Friday, May 25, 2012


I sat next to her in the crowded doctor's office. Soon I wished I hadn't.

"Good morning, " I innocently nodded her direction.

"Well, it WAS til I got here. I had a 10 o'clock appointment and here I sit an hour later. It IS a waiting room for sure! I got this bug from my daughter who brought it home from school. Parents today don't care about their kids or anyone else for that matter. They just send them out with fever or whatever and spread the germs around."

I picked up a magazine, trying to be invisible. Didn't work.

She glanced up at the TV news and spouted, "I get so sick of politics, politics, politics. Bigwigs in Washington are all corrupt. They don't know nothing."

Bet they know about double negatives, I thought, turning the pages more quickly.

"It's who has the most money that gets elected anyway. The whole country's going to pot, if you ask me."

I didn't.

Yet her whiny drone continued covering topics from weather, traffic, cell phones to causes of cancer. She had the news on everything, and it was all bad. A human double negative herself.

That's the tale of one sittie I landed beside.

Another day I sat down beside a business man awaiting our call to jury duty.

"Good morning," I nodded innocently. Slow learner. I reached into my purse for my Reader's Digest.

"Yes, it is!" he chirped.

"You sound happy. Most folks don't like jury duty."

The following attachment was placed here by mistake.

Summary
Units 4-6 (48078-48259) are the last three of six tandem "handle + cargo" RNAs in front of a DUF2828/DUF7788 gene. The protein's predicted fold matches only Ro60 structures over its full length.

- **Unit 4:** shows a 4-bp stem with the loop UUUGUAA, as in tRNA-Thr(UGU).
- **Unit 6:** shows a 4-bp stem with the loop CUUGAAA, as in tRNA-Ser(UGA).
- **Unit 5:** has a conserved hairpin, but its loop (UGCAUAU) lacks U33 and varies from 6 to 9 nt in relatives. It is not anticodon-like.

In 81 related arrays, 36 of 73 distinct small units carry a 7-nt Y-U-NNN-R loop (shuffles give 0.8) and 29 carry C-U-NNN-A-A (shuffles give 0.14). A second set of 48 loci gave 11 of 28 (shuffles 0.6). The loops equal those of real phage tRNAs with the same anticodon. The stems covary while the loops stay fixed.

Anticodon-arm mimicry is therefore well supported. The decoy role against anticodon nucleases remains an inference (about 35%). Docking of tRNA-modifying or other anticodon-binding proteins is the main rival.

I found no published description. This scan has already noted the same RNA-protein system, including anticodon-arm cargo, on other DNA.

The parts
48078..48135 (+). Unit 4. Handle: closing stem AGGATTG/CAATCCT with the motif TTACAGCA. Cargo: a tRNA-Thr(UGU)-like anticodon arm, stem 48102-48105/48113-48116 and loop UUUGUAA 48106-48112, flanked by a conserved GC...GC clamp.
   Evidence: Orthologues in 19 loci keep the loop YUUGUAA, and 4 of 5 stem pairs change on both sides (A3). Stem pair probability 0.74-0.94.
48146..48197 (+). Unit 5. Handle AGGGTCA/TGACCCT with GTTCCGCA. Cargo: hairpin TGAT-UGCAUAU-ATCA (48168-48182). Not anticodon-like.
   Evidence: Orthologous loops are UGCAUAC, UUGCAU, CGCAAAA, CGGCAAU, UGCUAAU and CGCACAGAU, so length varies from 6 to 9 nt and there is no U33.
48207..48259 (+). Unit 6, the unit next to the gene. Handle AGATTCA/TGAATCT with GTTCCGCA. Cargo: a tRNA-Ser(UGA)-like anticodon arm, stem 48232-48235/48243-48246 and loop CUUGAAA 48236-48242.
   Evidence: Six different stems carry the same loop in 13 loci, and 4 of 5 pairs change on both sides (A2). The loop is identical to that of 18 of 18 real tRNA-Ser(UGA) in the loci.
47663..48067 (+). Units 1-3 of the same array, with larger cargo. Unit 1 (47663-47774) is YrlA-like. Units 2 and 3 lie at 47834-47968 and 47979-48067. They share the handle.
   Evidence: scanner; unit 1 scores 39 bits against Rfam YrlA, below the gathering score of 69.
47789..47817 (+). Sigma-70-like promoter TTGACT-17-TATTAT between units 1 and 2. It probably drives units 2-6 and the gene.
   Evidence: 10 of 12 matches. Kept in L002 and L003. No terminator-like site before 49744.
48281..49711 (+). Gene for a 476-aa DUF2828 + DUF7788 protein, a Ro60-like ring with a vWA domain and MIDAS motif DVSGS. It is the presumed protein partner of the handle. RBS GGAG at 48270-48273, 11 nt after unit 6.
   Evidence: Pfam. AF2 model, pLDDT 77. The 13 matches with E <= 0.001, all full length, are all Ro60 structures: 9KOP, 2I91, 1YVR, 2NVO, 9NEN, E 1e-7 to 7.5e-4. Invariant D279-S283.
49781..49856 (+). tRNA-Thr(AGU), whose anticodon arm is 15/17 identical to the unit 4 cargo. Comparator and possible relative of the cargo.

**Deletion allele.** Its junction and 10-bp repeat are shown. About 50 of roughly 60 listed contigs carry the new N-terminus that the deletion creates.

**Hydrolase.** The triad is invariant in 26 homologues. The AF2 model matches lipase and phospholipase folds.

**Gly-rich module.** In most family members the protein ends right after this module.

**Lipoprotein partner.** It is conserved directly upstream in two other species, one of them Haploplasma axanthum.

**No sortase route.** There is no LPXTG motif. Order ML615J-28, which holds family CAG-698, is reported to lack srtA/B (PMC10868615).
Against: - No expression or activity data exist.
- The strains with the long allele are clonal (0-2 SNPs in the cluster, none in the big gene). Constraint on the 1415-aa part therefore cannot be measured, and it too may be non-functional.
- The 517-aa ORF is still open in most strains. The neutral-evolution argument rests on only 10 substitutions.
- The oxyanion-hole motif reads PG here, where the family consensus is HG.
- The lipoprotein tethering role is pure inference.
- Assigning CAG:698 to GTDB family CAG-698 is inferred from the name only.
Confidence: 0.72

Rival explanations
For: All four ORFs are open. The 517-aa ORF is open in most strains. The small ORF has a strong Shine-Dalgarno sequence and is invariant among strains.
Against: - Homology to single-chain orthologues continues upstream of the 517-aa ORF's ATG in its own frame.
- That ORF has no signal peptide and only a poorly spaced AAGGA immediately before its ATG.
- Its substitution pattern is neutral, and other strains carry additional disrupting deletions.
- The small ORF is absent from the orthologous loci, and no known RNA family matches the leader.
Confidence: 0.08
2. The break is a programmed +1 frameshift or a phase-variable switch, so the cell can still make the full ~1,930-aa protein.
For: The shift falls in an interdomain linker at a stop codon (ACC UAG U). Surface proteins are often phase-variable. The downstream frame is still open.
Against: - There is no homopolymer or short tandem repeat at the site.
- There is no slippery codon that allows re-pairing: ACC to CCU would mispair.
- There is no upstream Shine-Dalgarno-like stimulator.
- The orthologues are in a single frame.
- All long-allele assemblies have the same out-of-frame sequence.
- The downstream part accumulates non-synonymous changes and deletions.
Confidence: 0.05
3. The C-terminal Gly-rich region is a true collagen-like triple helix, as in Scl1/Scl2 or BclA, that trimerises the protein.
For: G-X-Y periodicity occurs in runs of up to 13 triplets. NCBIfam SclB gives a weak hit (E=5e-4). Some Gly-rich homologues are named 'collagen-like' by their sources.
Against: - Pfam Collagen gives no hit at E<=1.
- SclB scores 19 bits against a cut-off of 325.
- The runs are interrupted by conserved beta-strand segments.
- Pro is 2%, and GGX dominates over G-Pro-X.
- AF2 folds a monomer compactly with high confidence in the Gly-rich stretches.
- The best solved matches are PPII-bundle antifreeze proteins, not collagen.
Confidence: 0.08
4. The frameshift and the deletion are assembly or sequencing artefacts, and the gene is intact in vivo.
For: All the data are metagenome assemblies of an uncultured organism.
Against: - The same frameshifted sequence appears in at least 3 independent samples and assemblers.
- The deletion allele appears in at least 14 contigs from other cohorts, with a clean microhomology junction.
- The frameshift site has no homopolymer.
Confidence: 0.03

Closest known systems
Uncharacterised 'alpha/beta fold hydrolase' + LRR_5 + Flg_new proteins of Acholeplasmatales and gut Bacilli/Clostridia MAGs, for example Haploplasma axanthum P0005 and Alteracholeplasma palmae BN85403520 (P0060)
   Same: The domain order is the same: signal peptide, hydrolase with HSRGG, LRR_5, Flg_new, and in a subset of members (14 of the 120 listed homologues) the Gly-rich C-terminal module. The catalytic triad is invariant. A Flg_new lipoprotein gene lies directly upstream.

"It's not that I like it but, ya know, our system of justice works better than in most countries. It's not perfect. But it's an honor to serve. I used to be military and saw quite a bit."

"I grew up military too. Lived in Cuba awhile."

"Then you know what I mean!" he sparked. "We're so blessed just to live here and don't even realize it. Fresh water everywhere, freedom to move about, even an education and the ability to read. The poorest in America would seem rich in some third world countries."

I smiled, nodded, forgetting my magazine, still closed in my lap.

"I grew up dirt poor," he continued, "but my parents gave me everything I needed for life. . .love and a good work ethic. Because of that I grew up with far more than they ever dreamed of having in education, jobs, everything. Opportunity! It's everywhere! Just gotta seize it."


He was my sittie #2. I was glad I chose that seat.

How do people sitting near you feel? Are you a complainer, griper, whiner? Or do you see the good, the blessings around you? Both are habits and you choose.

"Out of the same mouth come both blessing and cursing."

Scroll back over your recent facebook posts and see what they reveal. Mentally replay your usual conversations with your spouse or kids. Hear yourself, tone of voice included. If you have developed a critical spirit, there is a cure. This excerpt from Proverbs 31 ministry may jump start you:
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Try to identify the root cause of the critical spirit. It’s in there. What benefit do you get by being critical? Do you feel ever-so-slightly better about yourself because you’ve identified a flaw in others? Do you think some people deserve to be put in their places? Are you resentful that others have what you don’t? Do you hope people will be motivated to change based on your critical observations? Sadly, most of those “benefits” aren’t healthy or true – only harmful to everyone.

Once you’ve identified the root, start to work on that. Most of us need God’s help to deal with these tough issues. If the root cause is insecurity, we need God’s truth to remind us of our value. If the root is judgement and pride, we need God’s forgiveness and humility. If it’s resentment we need to be content.

The best of times? The worst of times? You have the choice!  Next time you sit down with someone, lift them up with your words!



  1. Jennifer Hill Guyton wrote:

    I especially liked this blog.

  2. Some good questions, and I like the antidotes.